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Study: Evolution Gains Bigger Foothold in Science Standards

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Evolution is being covered more extensively and better in state science standards than was true nearly a decade ago, according to a review of the standards in 50 states and the District of Columbia by the National Center for Science Education. But the reviewers are concerned that at the same time, "creationist jargon" has increasingly been included in science standards. My story on the review was just published at edweek.org.

Charles%20Darwin_LoC.jpg

Some may question if the reviewers are overly sensitive about what they deem to be "creationist jargon." The head of the Texas board of education, who voted for the new Texas science standards, by the way, says the reviewers are dead wrong in concluding that her state's standards contain creationist jargon.

One example of creationist jargon in the Texas standards, the report says, is that students are asked to "analyze and evaluate scientific explanations concerning the complexity of the cell."

But Anton Mates, a co-author of the 50-state review of how evolution is included in state science standards, contends that he and the other co-author are not reading too much into things.

"Creationists have become more sophisticated in their language," he said. "We're looking for language that allows teachers to bring in materials that attack evolution."

Photo credit: Library of Congress

3 Comments

Why do science teachers try to hide opposing viewpoints? There is a growing number of scientists who dispute the concept of macro-evolution. Why are teachers not allowed to point this out. why is "creationist jargon" taboo in the first place? Darwin himself pointed out flaws in his research, criteria that, if realized, would cause his theory to fail: much of that criteria has been realized, from the complexity of the cell through the theory of irreducible complexity. Besides, aren't schools SUPPOSED to be institutions of free thought? And shouldn't students be able to decide whether or not what is presented to them in these institutions is true or not. Darwin also presents the fact, in his book "The Descent of Man," that the black race is inferior to the white becaquse they are lower on the evolutionary scale. Should we teach this? Is racism merely a means to an end, the "survival of the fittest"? If we are all cosmic "accidents," as Darwinism suggests [note the "-ism"--this suggests philosophy, a wonderful psuedonym for "religion"], then how can we turn around and say that this racism is "wrong" since, within Darwinism, there is no other universal truth than that the cosmos is all that is, all that ever was, and all that ever will be? What does the NCSE fear? Why can't opposing views, views that are in fact supported by science, be discussed. Texas is right, California is wrong; this is why California's prisons are loaded. Teach people that they are animals, and they will act like animals, except that we are human, so we will act worse than the animals.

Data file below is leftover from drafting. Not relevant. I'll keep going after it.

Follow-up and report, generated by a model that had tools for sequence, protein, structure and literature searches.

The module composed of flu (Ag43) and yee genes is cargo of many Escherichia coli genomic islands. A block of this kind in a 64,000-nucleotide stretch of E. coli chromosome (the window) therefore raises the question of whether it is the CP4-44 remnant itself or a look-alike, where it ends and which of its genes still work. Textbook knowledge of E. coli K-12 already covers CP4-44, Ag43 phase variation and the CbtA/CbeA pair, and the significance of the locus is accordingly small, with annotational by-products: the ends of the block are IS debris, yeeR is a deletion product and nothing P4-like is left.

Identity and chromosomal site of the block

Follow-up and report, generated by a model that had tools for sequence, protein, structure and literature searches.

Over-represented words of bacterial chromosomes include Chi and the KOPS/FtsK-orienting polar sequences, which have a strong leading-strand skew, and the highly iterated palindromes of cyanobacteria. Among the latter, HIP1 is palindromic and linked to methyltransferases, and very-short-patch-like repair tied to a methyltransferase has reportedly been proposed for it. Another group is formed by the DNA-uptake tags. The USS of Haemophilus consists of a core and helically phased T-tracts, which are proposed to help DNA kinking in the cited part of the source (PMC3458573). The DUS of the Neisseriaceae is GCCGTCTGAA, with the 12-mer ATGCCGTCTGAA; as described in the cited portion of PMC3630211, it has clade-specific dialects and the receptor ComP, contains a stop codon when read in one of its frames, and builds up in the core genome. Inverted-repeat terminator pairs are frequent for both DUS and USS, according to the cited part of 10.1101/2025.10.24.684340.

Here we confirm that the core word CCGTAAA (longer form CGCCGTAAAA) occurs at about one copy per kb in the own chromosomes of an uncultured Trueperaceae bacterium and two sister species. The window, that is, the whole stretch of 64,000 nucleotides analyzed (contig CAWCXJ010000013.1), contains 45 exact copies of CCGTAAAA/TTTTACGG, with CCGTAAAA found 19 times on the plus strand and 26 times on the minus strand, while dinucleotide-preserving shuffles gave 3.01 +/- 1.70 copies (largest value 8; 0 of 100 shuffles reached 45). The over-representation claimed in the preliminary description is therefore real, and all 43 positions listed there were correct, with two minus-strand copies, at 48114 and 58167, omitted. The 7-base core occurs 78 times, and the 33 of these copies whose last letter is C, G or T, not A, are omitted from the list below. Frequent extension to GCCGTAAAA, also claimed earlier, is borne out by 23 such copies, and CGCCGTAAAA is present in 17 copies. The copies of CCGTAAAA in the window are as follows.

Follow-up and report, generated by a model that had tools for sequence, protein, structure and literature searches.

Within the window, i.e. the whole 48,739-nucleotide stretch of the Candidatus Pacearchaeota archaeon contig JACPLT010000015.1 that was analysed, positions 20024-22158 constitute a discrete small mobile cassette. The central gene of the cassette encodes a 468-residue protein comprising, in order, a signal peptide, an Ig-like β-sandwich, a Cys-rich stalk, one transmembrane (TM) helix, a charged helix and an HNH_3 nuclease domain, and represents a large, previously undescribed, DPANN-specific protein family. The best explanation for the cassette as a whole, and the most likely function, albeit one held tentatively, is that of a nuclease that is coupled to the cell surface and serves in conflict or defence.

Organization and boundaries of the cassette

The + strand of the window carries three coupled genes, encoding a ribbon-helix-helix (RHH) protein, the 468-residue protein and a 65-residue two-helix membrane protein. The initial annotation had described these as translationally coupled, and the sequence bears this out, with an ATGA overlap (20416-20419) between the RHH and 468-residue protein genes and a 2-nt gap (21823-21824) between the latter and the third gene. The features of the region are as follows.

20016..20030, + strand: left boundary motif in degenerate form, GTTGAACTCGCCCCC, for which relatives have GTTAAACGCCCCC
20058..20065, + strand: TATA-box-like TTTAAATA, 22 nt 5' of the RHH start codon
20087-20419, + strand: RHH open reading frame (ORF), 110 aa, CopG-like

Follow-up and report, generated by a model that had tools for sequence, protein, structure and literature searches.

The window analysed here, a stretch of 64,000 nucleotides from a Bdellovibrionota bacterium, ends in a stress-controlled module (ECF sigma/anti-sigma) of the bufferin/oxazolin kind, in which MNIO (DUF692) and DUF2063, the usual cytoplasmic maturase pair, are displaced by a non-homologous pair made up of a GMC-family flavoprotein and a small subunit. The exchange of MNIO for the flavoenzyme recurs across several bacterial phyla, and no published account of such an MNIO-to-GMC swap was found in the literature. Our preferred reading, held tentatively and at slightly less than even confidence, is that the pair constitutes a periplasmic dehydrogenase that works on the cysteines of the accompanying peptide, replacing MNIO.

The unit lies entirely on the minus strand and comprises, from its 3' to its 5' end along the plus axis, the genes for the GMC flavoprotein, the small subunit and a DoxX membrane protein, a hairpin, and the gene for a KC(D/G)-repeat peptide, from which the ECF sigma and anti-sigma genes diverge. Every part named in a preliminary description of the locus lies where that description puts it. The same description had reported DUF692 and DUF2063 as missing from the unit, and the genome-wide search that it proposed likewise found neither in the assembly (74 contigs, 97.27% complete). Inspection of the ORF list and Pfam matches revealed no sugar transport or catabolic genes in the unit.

For the last five years of my full-time career, with the full knowledge (and dismay) of state and county school officials as well as the ACLU I demonstrated to my students that mathematics proves beyond the shadow of doubt that evolutionism is nonsense. The students saw that the evidence clearly shows that every item associated with humans, animals and plants are Intelligent Designs and Intelligent Design is science. I always let the students figure it out for themselves and allowed them to believe what they chose, but at least they were exposed to the scientific facts that extremists want to censor from the minds of public school students.

Evolutionists are bluffing when they say their beliefs are scientific. Be sure to look at the list of evolutionists who refuse the debate challenge from Dr. Joseph Mastropaolo. See the list at http://www.lifescienceprize.org/.

Why do science teachers try to hide opposing viewpoints?

A science teachers job is not to present everyone's viewpoint! It is to teach students what science is, how it works and what we have discovered using it!